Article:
BRADFORD, Pa. — Zippo lighters have retained their retro cool even as the tiny northwestern Pennsylvania company that makes them gets ready to celebrate its 80th anniversary and 500 millionth lighter next year.
But with pressure increasing on folks not to smoke, Zippo Manufacturing Co. is hoping to capitalize on its brand by offering a wider variety of products — from watches to leisure clothing to cologne — through kiosks and Zippo-brand specialty stores designed to showcase the durable image reinforced by each distinctive lid “click” of its brass-encased, lifetime-guaranteed lighters.
Realizing that producing 18 million lighters a year in the mid-1990s was probably the company’s high-water mark — Zippo’s 550 employees will produce about 12 million lighters this year — the company started marketing research before president and chief executive officer Gregory Booth was hired 10 years ago.
The surveys asked consumers the question Booth must answer today: “What kind of products could we sell other than cigarette lighters that people would accept as Zippo products?”
The research shows the company — tucked into a valley above the Allegheny National Forest, some 130 miles northeast of Pittsburgh — could sell other products — if they fit Zippo’s image, which Booth describes as “rugged, durable, made in America, iconic.”
“It has to be something that feels like Zippo,” Booth said of the travel bags, backpacks, watches, sunglasses, jeans and leisure shirts, wallets, pens, liquor flasks, outdoor hand warmers, playing cards and even a fragrance. Manufactured by Italian perfumer Mavive, it comes in a lighter-shaped canister (and, yes, a lid that clicks).
Marketing experts said all that makes sense provided that Zippo’s new products stay true to the brand — and that the company learns quickly that selling jeans, or any other product, comes with a whole menu of unique business complexities.
“A brand is just a story attached to a product. Like any narrative, it carries sensation. Zippo’s story is ‘manly independence,'” said James Twitchell, a marketing expert whose book “Lead Us Into Temptation: The Triumph of American Materialism” argues that Americans have increasingly turned to brand names, instead of religion, for their identity.
“As long as this narrative is in place it can be attached to any other product as long as the product doesn’t contradict the story line,” Twitchell said, noting Eddie Bauer-branded sport utility vehicles nonetheless stay true to the sportswear company’s image of “wanderlust.”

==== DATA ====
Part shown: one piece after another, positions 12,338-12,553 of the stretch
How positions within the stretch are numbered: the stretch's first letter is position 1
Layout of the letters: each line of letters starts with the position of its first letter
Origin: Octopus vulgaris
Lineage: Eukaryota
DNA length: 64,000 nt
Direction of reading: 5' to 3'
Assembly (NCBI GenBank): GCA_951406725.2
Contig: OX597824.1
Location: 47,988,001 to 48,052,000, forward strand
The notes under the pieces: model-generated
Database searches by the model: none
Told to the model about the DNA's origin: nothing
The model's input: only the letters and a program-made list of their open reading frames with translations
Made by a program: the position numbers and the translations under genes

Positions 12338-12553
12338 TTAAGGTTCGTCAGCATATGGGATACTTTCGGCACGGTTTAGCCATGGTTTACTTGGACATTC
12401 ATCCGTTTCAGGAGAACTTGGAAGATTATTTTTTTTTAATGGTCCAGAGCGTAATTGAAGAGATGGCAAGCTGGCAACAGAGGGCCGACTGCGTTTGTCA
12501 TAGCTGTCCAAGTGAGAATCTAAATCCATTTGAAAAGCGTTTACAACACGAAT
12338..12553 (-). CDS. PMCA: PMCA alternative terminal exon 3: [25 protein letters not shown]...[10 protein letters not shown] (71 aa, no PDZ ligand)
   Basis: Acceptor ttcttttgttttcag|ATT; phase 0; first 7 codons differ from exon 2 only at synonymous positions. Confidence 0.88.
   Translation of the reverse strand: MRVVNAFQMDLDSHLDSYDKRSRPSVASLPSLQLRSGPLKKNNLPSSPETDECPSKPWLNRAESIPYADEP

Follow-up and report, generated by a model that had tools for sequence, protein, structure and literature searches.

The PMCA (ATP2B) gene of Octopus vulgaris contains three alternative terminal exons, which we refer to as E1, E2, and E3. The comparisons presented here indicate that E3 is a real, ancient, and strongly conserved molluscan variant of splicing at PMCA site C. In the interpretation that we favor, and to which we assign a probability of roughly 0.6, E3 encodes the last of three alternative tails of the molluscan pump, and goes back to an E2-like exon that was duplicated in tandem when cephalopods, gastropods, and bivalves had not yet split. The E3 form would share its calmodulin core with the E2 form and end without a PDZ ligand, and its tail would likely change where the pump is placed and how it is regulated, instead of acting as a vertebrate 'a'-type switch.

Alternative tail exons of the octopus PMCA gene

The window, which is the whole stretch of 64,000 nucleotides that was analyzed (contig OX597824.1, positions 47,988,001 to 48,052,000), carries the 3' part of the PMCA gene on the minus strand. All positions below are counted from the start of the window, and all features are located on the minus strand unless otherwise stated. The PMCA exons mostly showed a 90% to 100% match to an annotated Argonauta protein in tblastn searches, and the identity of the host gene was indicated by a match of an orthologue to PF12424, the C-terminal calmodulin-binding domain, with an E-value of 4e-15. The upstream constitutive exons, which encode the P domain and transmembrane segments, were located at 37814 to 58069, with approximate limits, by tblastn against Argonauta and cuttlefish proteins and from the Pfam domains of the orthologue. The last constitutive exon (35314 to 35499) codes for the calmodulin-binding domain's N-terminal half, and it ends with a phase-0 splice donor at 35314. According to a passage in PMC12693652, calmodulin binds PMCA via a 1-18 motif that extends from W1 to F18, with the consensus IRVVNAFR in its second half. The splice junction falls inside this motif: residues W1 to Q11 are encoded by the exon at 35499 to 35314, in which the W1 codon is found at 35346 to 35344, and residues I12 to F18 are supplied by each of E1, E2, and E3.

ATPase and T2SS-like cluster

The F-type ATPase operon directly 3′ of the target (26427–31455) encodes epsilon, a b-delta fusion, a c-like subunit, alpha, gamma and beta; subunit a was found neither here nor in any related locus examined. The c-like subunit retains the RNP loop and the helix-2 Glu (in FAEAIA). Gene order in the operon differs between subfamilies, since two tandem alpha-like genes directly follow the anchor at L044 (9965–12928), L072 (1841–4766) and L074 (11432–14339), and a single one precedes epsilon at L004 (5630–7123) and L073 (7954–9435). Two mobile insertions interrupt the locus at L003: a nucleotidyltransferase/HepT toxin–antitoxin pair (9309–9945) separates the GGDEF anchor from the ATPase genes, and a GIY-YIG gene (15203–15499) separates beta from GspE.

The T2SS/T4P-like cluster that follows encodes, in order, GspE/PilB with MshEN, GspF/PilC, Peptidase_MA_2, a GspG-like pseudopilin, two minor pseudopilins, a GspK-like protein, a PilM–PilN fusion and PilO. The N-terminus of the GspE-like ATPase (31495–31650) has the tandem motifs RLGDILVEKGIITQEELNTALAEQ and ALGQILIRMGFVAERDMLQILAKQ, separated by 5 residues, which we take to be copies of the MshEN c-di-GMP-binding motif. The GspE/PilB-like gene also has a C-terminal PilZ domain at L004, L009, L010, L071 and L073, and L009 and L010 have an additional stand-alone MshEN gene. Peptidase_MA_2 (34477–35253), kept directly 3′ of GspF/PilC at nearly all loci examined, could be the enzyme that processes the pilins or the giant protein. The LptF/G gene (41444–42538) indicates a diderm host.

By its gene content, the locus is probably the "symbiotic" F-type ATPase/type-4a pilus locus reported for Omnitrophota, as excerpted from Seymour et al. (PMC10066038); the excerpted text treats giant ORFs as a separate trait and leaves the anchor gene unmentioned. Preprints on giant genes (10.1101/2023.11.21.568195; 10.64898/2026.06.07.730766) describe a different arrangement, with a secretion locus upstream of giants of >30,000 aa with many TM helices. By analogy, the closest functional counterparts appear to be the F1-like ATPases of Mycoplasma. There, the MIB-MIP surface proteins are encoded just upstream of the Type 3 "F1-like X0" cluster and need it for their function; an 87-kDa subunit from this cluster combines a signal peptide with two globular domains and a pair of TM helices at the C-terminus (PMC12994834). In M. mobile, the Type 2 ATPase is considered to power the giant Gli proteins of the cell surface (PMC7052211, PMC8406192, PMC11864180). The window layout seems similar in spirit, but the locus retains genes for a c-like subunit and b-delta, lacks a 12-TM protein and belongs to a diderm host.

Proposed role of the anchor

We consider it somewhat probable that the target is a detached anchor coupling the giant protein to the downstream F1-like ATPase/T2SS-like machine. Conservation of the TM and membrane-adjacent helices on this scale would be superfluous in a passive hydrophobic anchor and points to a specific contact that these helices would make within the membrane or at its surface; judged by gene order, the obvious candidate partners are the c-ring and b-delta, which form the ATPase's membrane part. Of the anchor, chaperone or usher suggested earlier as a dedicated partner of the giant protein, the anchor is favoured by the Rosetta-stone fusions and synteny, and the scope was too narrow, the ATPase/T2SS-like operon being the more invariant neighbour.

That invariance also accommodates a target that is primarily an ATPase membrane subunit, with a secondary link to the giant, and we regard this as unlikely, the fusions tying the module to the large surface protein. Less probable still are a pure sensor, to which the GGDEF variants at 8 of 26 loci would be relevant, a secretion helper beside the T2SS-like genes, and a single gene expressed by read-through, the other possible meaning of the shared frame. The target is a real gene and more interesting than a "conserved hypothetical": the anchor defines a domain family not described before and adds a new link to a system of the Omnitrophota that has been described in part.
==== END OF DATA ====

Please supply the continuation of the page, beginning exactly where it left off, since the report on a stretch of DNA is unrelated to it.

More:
Another branding consultant who founded the self-named PaulJLucas.com in Washington, D.C., said Zippo’s plans remind him of the success that Victorinox Swiss Army Brands Inc. has had selling watches, luggage, clothing and fragrances.
“It’s all high-quality, and they did it right, and I buy their stuff,” said Lucas, noting that Swiss Army luggage is as rugged as its trademarked multipurpose knives.
But not any brand — even American icons — can be used to sell just anything.
“Harley-Davidson once, believe it or not, tried to sell bottled water, and it just tanked,” Lucas said.
His advice is to stick to products closer to a brand’s core. That’s why he likes Zippo’s still-on-the-drawing board plans for patio gas grills but isn’t so crazy about the idea of Zippo cologne — noting that lighter fluid is the only other liquid odor associated with Zippo.
Booth insists Zippo’s plans are built on solid market research and, perhaps as important, fueled by necessity.
“We recognize there’s a lot of pressure on smoking and it’s only gotten worse in the last 10 years,” Booth said, even though Zippo aggressively markets its lighters to collectors, aficionados and even nonsmokers, with more than a dozen models in hundreds of colors and unique designs. Although the lighters are generally plated with nickel chrome, some lighters are even covered with gold or platinum.
But Booth believes those varieties can take the company only so far.
“We knew we were invested in an industry that was under pressure and knew we could go the way of the Hula Hoop and not do anything about it,” Booth said.
Instead, Zippo hired David Warfel as its director of global marketing three years ago, to capitalize on his branding experience with Xerox, Kodak and Ray-Ban.
Zippo already sells its lighters in more than 160 countries — but it does so through wholesalers and other distributors. Warfel was hired to take control of the Zippo “brand” and expand it, at first overseas and then gradually in the United States.
Zippo will push its expanded product line overseas, at first, because foreign consumers are familiar with the brand’s durable image without it being “almost umbilically tied to cigarette lighters,” Booth said. U.S. consumers “are so tied to Zippo lighters that it’s tough for the customer to make the jump to these other products.”
Bolivar Bueno, the founder of Cult Branding Co. near Orlando, Fla., said Zippo is smart to target foreign consumers first, because surveys show they tend to have a higher level of trust in companies. “Seventy-one percent of consumers in India believe that companies want the best for them. In America and the U.K. there are only 42 percent that trust companies,” Bueno said.
Warfel said he’s excited about other numbers, namely Zippo’s 90 percent brand recognition in some foreign markets.
“Zippo is probably the smallest billion-dollar brand in the world,” Warfel said. In Western Europe, he noted, “We have market recognition that’s up there with Nike, Coca-Cola and the Olympic rings.”